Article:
Environment group testifies on charities' tax status

A prominent Canadian environmentalist defended the charitable status of organizations such as his before the federal Finance Committee Tuesday.

A prominent Canadian environmentalist defended the charitable status of organizations such as his before the federal Finance Committee on Tuesday.

Peter Robinson, CEO of the David Suzuki Foundation, spoke about advocacy and its importance in a functioning democracy, transparency in charities and corporations and the international funding of charities in Canada.

"All charities are working towards the civic good of this country," he told the committee.

Many in the Canadian environmental movement believe the committee's hearings on tax incentives are the first step of a government campaign to cut off some sources of their funding. In particular, money received from rich American foundations that may not be in favour of Canadian industrial projects like oil sands development.

David Suzuki, right, and Suzuki Foundation CEO Peter Robinson, centre, accept a donation on behalf of Kin's Farm Market. Robinson was to testify before MPs looking into tax deductions for charitable organizations, including environmental groups. (David Suzuki Foundation website)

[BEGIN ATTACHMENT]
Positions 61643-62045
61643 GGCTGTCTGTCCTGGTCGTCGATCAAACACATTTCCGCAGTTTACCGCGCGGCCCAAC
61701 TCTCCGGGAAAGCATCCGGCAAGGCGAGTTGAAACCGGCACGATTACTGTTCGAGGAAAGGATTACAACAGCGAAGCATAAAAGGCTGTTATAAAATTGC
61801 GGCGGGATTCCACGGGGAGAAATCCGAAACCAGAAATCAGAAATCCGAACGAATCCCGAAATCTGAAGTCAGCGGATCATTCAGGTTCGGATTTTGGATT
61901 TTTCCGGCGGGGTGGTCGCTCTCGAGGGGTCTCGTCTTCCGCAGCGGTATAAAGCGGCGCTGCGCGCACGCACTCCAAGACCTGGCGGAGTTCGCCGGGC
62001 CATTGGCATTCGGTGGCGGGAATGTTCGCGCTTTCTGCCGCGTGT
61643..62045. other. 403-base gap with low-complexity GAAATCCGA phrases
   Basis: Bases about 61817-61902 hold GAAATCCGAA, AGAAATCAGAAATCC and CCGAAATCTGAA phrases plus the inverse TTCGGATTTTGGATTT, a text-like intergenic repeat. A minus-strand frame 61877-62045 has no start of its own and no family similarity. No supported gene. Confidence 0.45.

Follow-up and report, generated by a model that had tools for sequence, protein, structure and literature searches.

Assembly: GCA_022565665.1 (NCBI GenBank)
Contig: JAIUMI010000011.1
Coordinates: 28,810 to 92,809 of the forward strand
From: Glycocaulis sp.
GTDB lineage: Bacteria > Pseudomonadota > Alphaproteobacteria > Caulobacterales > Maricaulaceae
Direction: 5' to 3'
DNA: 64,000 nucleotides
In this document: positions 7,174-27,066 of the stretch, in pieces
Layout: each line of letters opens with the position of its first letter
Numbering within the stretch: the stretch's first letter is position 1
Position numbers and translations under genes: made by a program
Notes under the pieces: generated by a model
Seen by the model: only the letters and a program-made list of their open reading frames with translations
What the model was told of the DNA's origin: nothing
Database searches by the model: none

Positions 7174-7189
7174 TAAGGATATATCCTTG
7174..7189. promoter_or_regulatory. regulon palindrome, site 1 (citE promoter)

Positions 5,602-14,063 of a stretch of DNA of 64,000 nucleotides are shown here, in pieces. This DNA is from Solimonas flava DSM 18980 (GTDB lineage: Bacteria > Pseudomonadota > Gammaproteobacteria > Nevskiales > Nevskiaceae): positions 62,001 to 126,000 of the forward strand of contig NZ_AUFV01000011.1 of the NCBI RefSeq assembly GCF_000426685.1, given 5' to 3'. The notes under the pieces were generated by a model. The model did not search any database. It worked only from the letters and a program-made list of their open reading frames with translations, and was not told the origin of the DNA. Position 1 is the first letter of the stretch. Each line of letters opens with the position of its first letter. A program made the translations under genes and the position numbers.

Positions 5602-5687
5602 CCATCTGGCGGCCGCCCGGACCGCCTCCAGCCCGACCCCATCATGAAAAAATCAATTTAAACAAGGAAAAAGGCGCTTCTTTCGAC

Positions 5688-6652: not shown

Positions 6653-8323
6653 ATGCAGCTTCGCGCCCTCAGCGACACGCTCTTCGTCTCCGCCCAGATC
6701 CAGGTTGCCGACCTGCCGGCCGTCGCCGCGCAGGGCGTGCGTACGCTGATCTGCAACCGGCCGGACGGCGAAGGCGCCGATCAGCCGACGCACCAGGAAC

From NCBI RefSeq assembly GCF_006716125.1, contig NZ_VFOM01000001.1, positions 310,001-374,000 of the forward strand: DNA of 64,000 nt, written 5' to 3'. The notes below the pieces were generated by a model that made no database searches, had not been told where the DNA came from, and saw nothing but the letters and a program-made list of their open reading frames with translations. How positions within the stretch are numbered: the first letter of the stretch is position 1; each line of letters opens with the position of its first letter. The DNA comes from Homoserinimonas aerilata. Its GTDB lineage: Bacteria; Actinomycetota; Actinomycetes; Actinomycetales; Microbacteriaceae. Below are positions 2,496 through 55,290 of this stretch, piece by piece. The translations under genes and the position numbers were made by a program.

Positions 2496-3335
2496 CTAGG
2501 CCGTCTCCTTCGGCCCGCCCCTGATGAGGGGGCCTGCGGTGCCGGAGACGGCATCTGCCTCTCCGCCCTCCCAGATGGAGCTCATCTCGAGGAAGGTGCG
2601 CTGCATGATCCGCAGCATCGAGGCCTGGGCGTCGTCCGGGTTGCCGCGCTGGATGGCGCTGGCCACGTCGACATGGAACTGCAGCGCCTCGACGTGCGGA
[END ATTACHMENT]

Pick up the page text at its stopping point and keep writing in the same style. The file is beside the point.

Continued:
"It's been portrayed that the money comes with strings attached," Robinson answered in a response to a question about how they apply for American funds for specific projects.

"Not all projects are approved. If they are, they have very tight strings attached but the strings that say that this is what you must do. It is: here is the reorting we would like. Here is when we'd like it. We make sure that you don't spend the money on something you didn't apply for."

Early last month, Natural Resouces Minister Joe Oliver branded some environmental groups as "radicals," although he refused to give any names. The accusation came in an open letter to the media the day before hearings were to begin into the Northern Gateway pipeline.

"There are some radical groups and they're being financed by other radical groups in the United States who are trying to impose their particular agenda on what is a very important project," Oliver told the CBC at the time.

That sentiment was echoed last week at the natural resources committee's hearings on pipelines and refineries.

"I do believe … that these radical foreign-interest groups that you speak of threaten our economy and our sovereignty," argued Conservative MP Brian Jean in a preamble to a question about how Canadian anti-pipeline groups get money from the U.S.

"I would like to look at legislation to stop these people bringing the money in by doing so either through disclosure or otherwise stopping them from interfering in Canadian interests," he added. Jean is also a member of the finance committee.

In an interview with CBC, Robinson said statements like those of Oliver and Jean should worry environmentalists.

"One way to try to limit or shut down debate is really to have a strong concerted attack back, and in particular to threaten on issues such as charitable status," he said.

Today's hearing focused mainly on how to get Canadians to donate more to charities rather than on where environmental groups with charitable status get their money.